Security's Everyman

Security's Everyman

Monday, January 05, 2009

More on Failure of Investment

My buddy Jack Daniel pointed us to a new blogger that is worth following. As I was looking through some of his post I ran across one entitled "Failure of Investment". Of course that caught my eye because of the conversations that myself, Jack Daniel (here and here) and a few others had on this topic back in September of last year.

Tim's post got me to thinking again about FOI. I had intended to expand on the concept more last year, but as you (hopefully) noticed my blogging fell off drastically the last few months of the year due to life getting in the way. Now that a new year is here and I'm hoping to get back into regular blogging and what better topic than FOI to start with.

What I want to talk about today is defining FOI at a more granular level.
Failure is measured differently for different technologies. You can't define failure the same for a firewall as you would a host based Anti-virus program. They are different technologies and have to be measured differently. If can even be argued that within the same technology there are different tolerance levels for failure. An AV program that lets a virus through to a workstation that has very limited network access isn't as serious as one that allows a AD server to get infected.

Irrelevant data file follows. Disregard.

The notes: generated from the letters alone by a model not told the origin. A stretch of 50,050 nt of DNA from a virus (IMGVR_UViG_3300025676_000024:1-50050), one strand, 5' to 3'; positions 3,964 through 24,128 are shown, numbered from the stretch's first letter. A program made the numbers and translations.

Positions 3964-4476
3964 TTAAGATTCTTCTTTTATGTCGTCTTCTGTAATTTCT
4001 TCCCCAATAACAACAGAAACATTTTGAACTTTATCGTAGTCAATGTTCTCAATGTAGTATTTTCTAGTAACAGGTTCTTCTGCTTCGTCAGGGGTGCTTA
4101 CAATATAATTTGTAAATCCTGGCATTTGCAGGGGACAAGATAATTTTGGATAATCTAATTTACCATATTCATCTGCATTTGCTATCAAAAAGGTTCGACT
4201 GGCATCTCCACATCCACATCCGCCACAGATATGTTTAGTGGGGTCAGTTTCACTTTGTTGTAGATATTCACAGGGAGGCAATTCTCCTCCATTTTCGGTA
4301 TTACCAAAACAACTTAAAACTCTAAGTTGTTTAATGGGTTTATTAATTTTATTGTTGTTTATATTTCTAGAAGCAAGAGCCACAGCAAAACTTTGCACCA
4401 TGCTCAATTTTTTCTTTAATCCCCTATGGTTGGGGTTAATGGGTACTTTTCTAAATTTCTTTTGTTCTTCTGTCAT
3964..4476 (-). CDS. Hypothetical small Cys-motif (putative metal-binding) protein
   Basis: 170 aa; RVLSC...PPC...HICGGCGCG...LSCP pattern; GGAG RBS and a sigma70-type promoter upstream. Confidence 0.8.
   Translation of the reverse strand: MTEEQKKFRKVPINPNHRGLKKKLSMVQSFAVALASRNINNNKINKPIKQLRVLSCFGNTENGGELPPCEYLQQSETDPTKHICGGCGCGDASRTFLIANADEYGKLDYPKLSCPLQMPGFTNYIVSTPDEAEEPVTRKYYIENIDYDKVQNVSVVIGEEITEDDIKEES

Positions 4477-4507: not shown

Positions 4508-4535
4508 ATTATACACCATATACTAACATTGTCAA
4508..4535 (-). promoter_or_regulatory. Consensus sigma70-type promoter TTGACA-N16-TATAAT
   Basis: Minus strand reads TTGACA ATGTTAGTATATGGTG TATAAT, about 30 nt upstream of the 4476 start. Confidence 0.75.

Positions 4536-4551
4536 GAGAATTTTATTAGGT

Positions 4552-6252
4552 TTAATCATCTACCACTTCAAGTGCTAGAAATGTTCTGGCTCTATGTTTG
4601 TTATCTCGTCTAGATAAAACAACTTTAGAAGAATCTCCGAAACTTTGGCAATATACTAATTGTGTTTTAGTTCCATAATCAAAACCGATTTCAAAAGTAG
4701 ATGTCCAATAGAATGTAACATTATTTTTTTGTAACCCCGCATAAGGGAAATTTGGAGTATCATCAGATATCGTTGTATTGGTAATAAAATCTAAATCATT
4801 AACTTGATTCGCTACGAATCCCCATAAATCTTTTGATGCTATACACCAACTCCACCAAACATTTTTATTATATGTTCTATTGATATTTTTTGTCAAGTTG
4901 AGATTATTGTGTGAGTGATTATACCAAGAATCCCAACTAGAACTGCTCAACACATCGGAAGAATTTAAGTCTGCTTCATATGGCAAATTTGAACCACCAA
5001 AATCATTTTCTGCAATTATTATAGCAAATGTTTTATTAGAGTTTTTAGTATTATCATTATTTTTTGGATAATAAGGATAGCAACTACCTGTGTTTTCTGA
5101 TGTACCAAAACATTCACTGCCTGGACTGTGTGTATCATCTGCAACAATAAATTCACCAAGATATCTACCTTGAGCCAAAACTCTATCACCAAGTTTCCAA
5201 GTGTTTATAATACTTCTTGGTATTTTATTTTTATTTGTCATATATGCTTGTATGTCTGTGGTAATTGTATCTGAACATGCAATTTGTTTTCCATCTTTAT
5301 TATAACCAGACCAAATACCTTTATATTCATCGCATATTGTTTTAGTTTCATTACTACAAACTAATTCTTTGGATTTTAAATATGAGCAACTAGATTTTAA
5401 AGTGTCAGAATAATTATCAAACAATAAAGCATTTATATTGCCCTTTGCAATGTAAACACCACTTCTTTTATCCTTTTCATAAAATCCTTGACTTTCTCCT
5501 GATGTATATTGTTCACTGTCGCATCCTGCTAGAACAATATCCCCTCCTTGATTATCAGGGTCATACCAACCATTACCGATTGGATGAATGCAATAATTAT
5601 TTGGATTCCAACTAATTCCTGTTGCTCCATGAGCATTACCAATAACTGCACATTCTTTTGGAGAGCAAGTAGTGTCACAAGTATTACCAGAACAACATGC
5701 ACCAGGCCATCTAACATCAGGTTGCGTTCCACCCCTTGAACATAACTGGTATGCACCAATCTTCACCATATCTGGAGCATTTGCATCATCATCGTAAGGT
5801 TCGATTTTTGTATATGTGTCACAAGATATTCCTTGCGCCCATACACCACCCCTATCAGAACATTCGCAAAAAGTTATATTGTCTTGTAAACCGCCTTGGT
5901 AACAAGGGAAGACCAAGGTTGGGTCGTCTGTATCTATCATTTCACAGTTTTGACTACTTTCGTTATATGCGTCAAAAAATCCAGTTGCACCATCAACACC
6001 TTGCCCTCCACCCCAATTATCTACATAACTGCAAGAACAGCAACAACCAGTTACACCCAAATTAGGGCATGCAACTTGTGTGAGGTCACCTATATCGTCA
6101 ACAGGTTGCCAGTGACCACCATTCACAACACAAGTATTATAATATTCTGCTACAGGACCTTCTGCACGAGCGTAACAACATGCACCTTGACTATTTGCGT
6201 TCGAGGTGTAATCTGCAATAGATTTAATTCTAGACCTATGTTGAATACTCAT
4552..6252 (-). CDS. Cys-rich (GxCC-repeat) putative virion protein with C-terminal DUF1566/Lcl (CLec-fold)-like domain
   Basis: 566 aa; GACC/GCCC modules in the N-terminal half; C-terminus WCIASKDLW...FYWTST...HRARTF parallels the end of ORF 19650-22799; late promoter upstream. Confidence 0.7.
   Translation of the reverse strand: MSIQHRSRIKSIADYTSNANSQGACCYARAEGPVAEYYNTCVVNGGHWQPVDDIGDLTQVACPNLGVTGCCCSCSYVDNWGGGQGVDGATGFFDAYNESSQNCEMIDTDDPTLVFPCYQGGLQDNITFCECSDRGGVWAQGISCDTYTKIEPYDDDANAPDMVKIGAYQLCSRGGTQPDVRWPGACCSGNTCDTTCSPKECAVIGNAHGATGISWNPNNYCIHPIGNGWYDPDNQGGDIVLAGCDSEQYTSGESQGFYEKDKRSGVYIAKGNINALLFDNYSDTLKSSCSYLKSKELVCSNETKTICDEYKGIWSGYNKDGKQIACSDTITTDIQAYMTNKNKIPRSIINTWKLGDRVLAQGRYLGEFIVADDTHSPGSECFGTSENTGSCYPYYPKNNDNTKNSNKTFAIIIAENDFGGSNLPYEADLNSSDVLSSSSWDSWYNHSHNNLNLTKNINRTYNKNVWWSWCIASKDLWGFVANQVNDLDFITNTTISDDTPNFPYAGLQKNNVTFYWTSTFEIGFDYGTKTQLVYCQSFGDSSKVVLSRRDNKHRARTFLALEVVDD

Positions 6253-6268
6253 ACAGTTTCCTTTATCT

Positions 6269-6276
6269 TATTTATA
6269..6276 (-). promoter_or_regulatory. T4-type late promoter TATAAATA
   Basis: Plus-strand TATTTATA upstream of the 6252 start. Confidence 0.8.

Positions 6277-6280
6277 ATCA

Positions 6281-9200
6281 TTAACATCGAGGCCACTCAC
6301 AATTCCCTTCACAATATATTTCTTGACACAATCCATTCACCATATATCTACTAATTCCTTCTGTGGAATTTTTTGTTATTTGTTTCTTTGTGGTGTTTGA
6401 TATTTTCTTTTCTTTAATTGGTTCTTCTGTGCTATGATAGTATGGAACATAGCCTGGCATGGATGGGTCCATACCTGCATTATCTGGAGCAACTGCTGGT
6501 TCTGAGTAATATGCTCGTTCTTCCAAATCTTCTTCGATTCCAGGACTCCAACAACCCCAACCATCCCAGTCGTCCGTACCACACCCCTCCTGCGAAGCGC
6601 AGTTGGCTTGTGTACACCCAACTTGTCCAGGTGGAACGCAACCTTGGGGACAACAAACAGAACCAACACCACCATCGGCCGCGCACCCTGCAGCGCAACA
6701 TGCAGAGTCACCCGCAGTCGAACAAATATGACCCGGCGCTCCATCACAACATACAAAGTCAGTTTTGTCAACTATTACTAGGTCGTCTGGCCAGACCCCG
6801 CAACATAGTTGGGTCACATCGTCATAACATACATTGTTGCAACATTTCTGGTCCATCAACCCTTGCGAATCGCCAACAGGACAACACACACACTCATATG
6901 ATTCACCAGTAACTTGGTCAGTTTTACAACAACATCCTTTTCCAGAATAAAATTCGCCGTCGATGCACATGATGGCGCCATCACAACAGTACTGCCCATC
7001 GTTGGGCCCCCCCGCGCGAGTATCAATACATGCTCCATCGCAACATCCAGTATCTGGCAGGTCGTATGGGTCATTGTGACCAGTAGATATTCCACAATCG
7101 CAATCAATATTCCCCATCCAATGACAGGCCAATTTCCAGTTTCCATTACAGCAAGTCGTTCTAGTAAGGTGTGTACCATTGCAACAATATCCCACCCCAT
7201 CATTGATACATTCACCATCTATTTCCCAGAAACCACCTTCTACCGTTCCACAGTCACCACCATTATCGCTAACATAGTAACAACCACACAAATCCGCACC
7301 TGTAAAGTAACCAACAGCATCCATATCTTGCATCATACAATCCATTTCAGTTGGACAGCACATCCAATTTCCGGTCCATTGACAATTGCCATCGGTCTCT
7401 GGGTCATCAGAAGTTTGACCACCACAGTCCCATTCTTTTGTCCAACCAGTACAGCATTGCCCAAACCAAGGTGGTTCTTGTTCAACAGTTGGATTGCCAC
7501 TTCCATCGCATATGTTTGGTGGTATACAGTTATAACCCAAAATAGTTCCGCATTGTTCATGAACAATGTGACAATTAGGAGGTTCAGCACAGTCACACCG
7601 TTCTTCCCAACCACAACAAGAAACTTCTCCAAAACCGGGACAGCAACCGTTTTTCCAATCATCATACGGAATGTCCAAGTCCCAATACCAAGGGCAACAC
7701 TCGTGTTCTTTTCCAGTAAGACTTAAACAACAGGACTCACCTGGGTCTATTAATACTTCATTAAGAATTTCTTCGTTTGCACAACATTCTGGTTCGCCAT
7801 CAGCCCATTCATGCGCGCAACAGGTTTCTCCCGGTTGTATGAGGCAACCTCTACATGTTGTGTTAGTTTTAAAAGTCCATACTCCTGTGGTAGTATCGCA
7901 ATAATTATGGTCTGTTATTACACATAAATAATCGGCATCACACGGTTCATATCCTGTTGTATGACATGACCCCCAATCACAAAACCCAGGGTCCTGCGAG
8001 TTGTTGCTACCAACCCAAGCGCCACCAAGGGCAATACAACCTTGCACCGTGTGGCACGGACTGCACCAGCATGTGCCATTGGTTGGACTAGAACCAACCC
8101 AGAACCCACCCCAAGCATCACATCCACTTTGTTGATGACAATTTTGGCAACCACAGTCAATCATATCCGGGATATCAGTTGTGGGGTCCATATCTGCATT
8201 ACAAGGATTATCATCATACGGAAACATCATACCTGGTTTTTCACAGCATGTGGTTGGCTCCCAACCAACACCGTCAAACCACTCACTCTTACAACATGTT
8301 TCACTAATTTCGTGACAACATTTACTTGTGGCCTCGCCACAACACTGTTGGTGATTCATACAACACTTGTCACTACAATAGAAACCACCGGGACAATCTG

So how do you go about defining failure? It goes back to a security basic. Risk. What is the risk if failure happens w/ a technology at a certain level. This is why it is so important that decisions to purchase and implement technologies not be taken lightly. Don't make a decision based on the fact that it is from a certain vendor. Don't make a decision based solely on price. Don't make a decision based on "ease of use".

You have to know what you are protecting, what the value of it to the company is and what level of failure can each thing handle. If you don't know this then you are going to set yourself up for FOI and a new job search.

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